WHY: Data from the OITE Climate Assessment indicates that trainees and fellows are happier in research groups where the PI helps the group resolve conflict and maintain and collegial atmosphere.

WHY: You can learn a lot by seeing how people interact with each other. You can also see whether the speaker receives feedback in a helpful or an aggressive way, and how engaged the PI is with the group.

What if I have unique personal needs?

Finding supportive research groups takes effort, but it can take more effort if you have concerns about how welcoming the group is about your specific needs. You may be a parent or caretaker, wish to explore reasonable accommodations, want to discuss health or mental health concerns, or want to understand how welcoming the group is of people across a dimension of difference critical for your comfort in the group.

At some point in the interview process, it is important to address your concerns but deciding what to share and when to share is a personal decision. Some people prefer to do this early in the interview process and others prefer to wait until later or until after an offer is made. We are happy to help you with these considerations and how to have these important conversations. Finding a research group where you are comfortable and supported is critical, so please reach out to us at if you need guidance or support.

5. Talk to additional research group members

In addition to talking with the PI, it is important to talk with:

  • people who have leadership positions in the group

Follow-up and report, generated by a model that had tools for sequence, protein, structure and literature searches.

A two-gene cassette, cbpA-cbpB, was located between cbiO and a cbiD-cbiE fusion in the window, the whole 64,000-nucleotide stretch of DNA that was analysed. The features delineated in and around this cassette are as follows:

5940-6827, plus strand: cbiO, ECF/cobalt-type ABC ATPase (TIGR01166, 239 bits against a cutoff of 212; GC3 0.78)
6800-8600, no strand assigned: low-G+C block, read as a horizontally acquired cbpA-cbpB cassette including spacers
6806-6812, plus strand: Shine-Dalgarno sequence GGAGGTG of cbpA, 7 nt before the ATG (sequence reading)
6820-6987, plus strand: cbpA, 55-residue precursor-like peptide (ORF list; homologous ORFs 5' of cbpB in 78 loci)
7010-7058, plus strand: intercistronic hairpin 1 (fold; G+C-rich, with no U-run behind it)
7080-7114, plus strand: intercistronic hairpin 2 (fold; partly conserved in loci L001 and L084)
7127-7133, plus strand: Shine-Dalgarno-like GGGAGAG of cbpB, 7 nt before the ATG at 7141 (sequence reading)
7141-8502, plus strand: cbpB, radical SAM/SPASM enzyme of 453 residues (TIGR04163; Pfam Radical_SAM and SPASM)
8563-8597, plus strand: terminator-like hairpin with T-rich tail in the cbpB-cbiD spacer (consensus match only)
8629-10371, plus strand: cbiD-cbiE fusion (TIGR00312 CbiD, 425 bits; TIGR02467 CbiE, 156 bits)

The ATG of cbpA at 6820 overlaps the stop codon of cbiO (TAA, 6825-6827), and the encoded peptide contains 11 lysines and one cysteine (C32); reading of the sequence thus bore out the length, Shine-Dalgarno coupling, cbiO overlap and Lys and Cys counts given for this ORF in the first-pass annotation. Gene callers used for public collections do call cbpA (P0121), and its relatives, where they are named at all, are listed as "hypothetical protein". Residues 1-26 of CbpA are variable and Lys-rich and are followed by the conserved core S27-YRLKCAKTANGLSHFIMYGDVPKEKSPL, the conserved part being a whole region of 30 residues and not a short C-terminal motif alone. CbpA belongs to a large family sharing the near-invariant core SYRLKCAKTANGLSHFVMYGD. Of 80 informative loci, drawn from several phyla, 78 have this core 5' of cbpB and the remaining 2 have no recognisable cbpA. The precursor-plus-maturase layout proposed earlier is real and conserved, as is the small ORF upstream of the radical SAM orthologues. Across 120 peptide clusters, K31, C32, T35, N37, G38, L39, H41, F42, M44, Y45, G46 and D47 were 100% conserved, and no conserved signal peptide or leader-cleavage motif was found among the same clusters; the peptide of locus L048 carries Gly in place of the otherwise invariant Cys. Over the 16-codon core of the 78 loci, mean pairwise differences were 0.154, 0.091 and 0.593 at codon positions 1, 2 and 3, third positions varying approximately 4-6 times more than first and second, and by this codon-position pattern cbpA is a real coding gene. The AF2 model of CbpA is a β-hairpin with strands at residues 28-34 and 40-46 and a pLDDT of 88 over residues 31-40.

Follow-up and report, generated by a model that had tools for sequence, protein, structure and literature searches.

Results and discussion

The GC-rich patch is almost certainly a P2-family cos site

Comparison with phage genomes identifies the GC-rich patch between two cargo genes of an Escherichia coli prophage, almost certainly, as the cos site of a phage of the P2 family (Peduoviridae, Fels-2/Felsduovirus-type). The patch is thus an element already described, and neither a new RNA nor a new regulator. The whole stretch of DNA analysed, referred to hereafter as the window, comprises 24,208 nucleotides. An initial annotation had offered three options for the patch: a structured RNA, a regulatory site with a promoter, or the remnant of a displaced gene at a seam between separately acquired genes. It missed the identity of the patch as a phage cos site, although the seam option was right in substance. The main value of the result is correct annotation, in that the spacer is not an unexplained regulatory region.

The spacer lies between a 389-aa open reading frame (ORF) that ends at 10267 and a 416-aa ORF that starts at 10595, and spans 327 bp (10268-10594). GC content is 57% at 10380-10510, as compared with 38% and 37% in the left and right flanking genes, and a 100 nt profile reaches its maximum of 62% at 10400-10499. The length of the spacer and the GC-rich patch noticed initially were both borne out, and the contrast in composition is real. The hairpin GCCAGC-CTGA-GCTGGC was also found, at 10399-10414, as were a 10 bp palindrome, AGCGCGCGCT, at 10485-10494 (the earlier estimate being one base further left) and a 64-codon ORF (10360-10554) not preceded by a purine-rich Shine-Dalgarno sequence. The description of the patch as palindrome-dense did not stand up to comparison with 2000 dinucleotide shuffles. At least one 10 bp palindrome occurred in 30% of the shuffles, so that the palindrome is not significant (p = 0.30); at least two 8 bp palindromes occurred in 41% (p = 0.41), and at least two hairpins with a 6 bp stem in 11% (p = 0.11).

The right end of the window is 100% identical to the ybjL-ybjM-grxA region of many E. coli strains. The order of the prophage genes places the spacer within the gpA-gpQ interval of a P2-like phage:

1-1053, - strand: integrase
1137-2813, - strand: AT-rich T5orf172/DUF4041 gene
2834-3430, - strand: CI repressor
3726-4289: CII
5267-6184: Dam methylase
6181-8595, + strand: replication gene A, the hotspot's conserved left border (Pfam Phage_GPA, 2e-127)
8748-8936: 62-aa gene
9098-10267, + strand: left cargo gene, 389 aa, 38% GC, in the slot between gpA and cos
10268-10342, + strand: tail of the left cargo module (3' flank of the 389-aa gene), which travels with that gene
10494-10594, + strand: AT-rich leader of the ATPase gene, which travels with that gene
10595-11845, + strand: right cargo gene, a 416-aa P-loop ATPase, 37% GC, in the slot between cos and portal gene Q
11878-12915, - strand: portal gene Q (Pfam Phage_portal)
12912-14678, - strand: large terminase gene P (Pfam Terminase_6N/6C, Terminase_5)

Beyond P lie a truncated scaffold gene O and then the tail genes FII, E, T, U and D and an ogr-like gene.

• people who might directly supervise you
  • people you might collaborate with or support on specific projects
  • other trainees and staff in the group, even if you do not anticipate working with them directly

Questions you might ask of members of the group

  • How often do you meet your PI? what are the meetings like? If you do not meet regularly with the PI, who do you meet with? Why don’t you meet with the PI?
  • Does the PI and other mentors answer email or other communications from members of the group?
  • What OITE, IC and other training activities do trainee and fellows in this group attend? Is the PI supportive of this?
  • How was your orientation and onboarding handled? Who helped you in the process?
  • What happens when the PI gets frustrated?
  • What happens when people in the group make mistakes? What happens when the PI makes mistakes?
  • What do you enjoy about working in the research group? What don’t you enjoy?